Anaerobic fermentation of agricultural wastes such as crop residues and animal manure, producing biogas, is an example of an advanced biofuel that can contribute to the EU target of a minimum 10% of transport fuels from renewable sources in 2020. A recently published f3 report presents a spatially explicit approach for estimating the availability of agricultural wastes across the EU, also including an analysis of how key economic and technical constraints such as minimum viable plant size, maximum collection distances for substrates, and substrate composition affects the total potential for biogas production.
In the study, researchers Rasmus Einarsson, Martin Persson, Christel Cederberg and Göran Berndes from Chalmers University of Technology, Mikael Lantz, Lund University (LTH) and Johan Torén, SP Technical Research Institute of Sweden, found that three quarters of the manure and a fifth of the crop residues may be technically and economically exploitable for biogas production, yielding a total biogas potential from agricultural wastes of almost 700 PJ (HHV) per year in the EU (28 countries).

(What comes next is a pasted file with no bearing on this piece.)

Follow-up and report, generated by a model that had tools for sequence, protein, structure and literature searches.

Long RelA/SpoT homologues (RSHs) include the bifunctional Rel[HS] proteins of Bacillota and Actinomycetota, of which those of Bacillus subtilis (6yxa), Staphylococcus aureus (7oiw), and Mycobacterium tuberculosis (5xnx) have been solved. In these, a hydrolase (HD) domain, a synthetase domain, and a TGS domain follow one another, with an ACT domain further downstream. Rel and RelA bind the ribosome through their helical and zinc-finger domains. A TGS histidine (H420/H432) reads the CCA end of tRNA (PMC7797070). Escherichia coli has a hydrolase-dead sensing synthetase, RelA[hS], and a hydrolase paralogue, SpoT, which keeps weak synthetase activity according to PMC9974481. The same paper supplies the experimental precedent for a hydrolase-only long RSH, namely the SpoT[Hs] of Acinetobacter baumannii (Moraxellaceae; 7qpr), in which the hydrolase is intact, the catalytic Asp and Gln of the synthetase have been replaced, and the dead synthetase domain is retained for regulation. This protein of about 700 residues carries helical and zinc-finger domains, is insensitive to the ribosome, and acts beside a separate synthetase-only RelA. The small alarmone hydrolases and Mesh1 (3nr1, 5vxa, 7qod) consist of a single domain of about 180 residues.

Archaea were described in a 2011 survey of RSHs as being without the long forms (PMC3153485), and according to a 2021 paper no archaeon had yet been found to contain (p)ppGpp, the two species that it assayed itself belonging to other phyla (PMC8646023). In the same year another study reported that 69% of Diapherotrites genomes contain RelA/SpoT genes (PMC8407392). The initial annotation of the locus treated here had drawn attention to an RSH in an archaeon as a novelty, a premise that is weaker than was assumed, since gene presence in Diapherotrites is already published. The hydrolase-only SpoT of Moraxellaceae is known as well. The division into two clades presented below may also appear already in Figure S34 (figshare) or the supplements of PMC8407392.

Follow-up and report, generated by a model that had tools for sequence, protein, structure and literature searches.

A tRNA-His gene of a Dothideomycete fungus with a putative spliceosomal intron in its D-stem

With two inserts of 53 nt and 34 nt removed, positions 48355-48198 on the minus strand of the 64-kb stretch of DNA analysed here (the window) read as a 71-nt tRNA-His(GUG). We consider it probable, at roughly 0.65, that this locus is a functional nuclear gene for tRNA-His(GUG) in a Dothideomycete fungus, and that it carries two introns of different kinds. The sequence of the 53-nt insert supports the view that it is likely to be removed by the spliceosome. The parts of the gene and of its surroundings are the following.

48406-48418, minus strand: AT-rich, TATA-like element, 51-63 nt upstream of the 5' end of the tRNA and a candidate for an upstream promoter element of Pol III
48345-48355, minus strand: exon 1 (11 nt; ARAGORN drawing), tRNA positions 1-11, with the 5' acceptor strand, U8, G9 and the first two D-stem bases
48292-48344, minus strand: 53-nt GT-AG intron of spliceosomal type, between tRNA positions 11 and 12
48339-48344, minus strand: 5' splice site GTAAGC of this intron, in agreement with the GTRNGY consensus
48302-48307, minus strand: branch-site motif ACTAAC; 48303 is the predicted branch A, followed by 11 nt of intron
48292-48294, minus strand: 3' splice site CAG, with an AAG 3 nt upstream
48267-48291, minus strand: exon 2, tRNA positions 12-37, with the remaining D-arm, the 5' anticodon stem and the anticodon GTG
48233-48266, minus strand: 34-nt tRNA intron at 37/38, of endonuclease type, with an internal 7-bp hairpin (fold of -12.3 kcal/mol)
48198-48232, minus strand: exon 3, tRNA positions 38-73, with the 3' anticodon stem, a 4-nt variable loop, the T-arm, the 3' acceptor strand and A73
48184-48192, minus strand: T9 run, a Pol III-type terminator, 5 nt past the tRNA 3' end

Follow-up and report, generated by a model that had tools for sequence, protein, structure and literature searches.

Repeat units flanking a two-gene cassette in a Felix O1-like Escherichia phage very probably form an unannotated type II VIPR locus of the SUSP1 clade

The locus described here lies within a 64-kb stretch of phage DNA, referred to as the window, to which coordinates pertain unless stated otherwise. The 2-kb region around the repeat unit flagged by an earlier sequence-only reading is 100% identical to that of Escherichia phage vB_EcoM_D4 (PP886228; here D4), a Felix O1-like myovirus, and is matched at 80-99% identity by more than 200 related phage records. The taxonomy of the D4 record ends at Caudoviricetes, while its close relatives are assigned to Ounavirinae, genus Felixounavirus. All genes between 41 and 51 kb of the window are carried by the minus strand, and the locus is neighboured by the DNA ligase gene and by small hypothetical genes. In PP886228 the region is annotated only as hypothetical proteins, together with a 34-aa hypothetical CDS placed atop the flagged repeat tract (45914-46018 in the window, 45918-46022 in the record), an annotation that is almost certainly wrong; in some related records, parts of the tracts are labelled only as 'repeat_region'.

They also found that constraints regarding, e.g., maximum DM content, minimum C:N ratio, and minimum production scale all play a large role in determining the biogas potential from crop residues and manure. However, these limitations can be tackled either by loosening the constraints on the substrate supply (e.g. using dry digestion technology, or small-scale biogas plants) or by changing the substrate supply itself (adding energy crops or other suitable co-substrates to improve the chemical composition and support a larger production scale).